I've recently changed jobs from a smallish (19 beds) Level III ER to a very small 9 bed ER. The change was made to be closer to home. I'm in my second (and last) week of orientation when an actual sick patient showed up. It's basically been a clinic up to this point.
The patient needed some aggressive fluid resuscitation and I was digging through the IV cart for a 16G or 14G IV. The pt was 90, but had at least one vein that I could've squeezed a 16 in to. When I asked "Where are the 16s?" I got looked at like I had asked "Is it ok if I poop on the floor here?" Sorry for the crudeness, but that's me.
Am I the only one that looks for large bores for fluid resuscitation? I could hear accusations of "trying to show people up" and that certainly wasn't my intention. I wanted fluid into this person quickly and big pipes save lives.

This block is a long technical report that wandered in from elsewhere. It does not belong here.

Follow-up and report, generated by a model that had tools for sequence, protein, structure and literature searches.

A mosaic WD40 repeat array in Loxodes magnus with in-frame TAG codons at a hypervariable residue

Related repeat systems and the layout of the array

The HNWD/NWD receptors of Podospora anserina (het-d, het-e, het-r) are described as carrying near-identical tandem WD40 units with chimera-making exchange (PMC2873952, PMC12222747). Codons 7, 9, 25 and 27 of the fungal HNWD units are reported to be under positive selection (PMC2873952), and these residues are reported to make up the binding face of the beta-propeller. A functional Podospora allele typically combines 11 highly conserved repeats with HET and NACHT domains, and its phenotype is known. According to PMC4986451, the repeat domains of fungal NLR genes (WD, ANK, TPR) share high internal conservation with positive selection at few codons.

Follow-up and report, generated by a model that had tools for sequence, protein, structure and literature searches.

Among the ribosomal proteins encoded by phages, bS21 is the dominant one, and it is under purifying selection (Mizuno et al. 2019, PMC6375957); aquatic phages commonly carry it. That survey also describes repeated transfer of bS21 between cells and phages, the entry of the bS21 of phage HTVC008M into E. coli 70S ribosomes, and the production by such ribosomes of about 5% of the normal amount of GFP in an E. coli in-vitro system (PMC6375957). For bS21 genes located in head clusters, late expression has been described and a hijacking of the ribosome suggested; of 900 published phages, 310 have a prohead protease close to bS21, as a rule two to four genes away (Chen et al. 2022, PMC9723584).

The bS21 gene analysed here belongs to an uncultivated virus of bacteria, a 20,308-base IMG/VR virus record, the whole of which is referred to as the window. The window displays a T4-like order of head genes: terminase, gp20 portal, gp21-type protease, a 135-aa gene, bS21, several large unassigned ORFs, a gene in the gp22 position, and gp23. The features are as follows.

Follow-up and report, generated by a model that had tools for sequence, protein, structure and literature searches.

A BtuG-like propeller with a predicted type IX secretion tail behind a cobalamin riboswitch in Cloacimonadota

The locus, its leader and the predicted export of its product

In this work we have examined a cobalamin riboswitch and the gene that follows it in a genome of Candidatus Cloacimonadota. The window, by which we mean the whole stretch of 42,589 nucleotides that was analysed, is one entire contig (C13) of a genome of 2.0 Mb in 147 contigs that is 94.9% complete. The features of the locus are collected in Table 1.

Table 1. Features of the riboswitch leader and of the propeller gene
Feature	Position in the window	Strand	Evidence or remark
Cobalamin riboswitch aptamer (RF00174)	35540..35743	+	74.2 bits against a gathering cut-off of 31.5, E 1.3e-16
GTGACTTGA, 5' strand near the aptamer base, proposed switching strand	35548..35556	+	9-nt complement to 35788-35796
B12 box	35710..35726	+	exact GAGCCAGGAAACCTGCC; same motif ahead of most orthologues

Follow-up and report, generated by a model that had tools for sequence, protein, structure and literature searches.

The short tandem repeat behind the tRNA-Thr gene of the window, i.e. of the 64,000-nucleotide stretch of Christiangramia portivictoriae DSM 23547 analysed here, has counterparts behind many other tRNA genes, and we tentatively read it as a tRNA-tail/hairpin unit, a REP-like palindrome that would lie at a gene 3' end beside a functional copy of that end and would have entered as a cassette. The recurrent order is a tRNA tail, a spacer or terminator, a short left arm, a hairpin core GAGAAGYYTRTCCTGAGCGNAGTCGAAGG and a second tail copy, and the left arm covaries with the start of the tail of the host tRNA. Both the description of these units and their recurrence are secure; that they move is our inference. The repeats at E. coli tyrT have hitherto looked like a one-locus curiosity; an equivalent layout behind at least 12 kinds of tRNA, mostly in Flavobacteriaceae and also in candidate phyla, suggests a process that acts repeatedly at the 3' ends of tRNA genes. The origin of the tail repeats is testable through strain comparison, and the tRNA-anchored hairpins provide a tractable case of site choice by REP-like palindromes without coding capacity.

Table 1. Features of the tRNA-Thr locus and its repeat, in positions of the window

Admittedly, I have some flight experience and have worked some ERs where you're made fun of for using less than 18 on anyone remotely sick, so my background is a bit different. Also, I know 90 is awful old to be making the heroic effort, but there was no "DNR" present and when they say "go," I go.
In my department, 20-gauge is the "bread and butter" line - the vast majority of our patient population only requires maintenance fluids, maybe a liter bolus, and perhaps one or two infused medications (antibiotics, nitro/heparin for ACS, a banana bag, etc). For stuff like that, a 20 is fine, and much easier to obtain, rather than spend ten or fifteen minutes prospecting for a vein large enough to hold a widebore on an "access challenged" patient. Trauma patients usually get 16s and 18s, rarely 14s.
My personal policy is to at least attempt an 18 AC on any patient I suspect of being surgical, though I admit it stems from my own upbringing in surgery rather than anything evidence-based. I'm going to have to go hit CINAHL and see if there are any studies out there on clinical outcomes vs. IV access size...
Last edit by murphyle on Oct 18, '10